First came communication platform adoption. Now it’s time for strategy

Shadow IT sneaks into businesses because employees find tools they like. Employees like work tools that mirror the consumer applications they love. Employers don’t always sanction those beloved apps.

The endless replication of consumer-to-workplace software as a service (SaaS) offerings inspired Slack, Microsoft Teams, Zoom, and Workplace by Facebook. These communication vendors are catering to two pools of customers: consumer and business. 

CIOs are charged with creating a user strategy for hastily adopted communication tools after the typical phases of tool adoption — security vetting, implementation, user training — were uprooted in March.

Sometimes users’ abilities are taken for granted. The classic example is the iPhone, Curtis Peterson, SVP of Operations at RingCentral, told CIO Dive. It’s “one of the most complicated devices on the planet with no user manual. And I think that’s along the lines of the new model” of communication platforms. 

Between strategy and employee demand, CIOs are confronted with a new challenge: preserving employee well-being. 

Historically “that doesn’t sound like a CIO role,” but CIOs are picking the tools employees spend eight hours of their life on every day, according to Peterson. “You’re not in the office, you’re not hearing that feedback directly anymore. I think this is a tsunami coming our direction.” 

CIOs will have to consider personal employee workspaces like never before: 

  • When stay-at-home orders loosen, employees will get to choose where and how they work
  • The sustainability of a good work-from-home environment
  • Tools and solutions the CIO has to extend to employees’ homes, including desks
  • What questions are appropriate for CIOs to ask, such as where they live

“These are big boulders in the way and technologies in the middle of them become either part of the problem or part of the solution,” said Peterson. 

CISOs take on communication

CIOs should expect the tools to evolve with the workforce or with likely changes in the office environment after COVID-19’s infection rates decline. While some offices will maintain 100% remote work, others may stagger schedules, or offices will adopt a hybrid model for working on premise and at home.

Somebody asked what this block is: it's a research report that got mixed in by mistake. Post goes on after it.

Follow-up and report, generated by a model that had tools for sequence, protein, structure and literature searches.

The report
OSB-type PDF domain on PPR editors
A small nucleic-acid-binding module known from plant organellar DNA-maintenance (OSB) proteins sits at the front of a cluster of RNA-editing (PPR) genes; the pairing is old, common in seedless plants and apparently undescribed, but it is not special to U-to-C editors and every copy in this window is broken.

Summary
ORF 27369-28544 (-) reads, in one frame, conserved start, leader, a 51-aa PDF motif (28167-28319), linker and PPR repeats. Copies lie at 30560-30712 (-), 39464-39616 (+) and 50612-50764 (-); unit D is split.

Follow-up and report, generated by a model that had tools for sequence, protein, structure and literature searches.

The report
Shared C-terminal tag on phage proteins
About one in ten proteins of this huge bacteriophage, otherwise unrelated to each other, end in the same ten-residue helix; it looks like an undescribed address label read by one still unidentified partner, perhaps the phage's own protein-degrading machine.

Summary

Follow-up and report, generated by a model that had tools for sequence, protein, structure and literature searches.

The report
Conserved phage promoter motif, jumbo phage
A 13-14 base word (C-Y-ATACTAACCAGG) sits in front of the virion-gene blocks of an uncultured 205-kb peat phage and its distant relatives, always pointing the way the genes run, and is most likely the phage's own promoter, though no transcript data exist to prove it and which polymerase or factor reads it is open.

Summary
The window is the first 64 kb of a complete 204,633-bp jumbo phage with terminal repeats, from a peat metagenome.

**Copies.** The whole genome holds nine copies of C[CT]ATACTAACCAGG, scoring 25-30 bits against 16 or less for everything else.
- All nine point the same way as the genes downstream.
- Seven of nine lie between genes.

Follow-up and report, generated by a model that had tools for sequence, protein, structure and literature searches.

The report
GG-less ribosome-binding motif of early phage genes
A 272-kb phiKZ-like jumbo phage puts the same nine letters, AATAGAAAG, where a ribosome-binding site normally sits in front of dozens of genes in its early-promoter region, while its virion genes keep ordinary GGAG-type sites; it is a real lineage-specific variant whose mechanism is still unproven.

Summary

The tools will have to tie directly to a business’ individual processes, workflows and how they engage with their customer base.

All of these factors tie into the underlying operations of the platforms because if a business is sharing internal processes over messaging and video platforms, vendors that “hold data hostage,” will be questioned, according to Peterson. Customers want to know what could happen to meeting transcriptions. 

An evaluation by Consumer Reports found that major players in the video conferencing space, including Cisco, Microsoft Teams and Google Hangouts, do some degree of transcript retention.

 Video conferencing in particular could jeopardize “verbal sensitive information,” Jean-Marc Chanoine, global head of Strategic Accounts at Templafy, told CIO Dive. “People tend to be a little more freewheeling with what they say as compared to what they write.” 

March highlighted how vendors, businesses and employees treat communication security and where the indifference was. 

“It’s like having a doorman at the door of your apartment building or not having one,” Lenley Hensarling, chief strategy officer of Aerospike, told CIO Dive. Overt security around user privacy is where communication platforms are heading. Similar to shared responsibility models with cloud providers, businesses need to know where their security ends and the vendor’s begins. 

Otherwise, the result is icing out vendors altogether. Hensarling had customers “outlaw” Zoom following March. The fear of Zoom-bombing swayed potential Zoom customers to competitors because IT had already “vetted those products for security and privacy.” 

CISOs overseeing a large workforce are doing their due diligence before adopting communication platforms. “They have a new set of questions and they’re going a little bit deeper,” said Peterson. 

Even CEOs are interested in third-party analysis of communication products. “People are going to start analyzing those budgets and seeing how much software we are going to need to keep up with what’s happening today,” said Chanoine. “Everybody’s looking.”

C-suite officials want to make sure that vendors aren’t “just saying ‘you’re good,’ but you’ve got somebody else looking at your data,” he said. Instead of taking the word of the vendor, third-party validations will increase. 

“But the twist is that during the initial throes of the pandemic, none of this mattered,” said Peterson. The questions were more so geared toward “how soon can you get me on board?” 

Now the long-term strategies of communication solutions are ready for evaluation. Businesses are assessing: 

  • The security footprint of the tool
  • Ease of use
  • Required employee training

In roundtable discussions with CIOs, Peterson said the overall feedback has been “surprising” at how well rapidly-adopted communications tools have performed.

Communication platforms were “probably item No. 60 in their mind and it dropped into the top five,” said Peterson. “We [are] really focused on what a CISO would want to see.”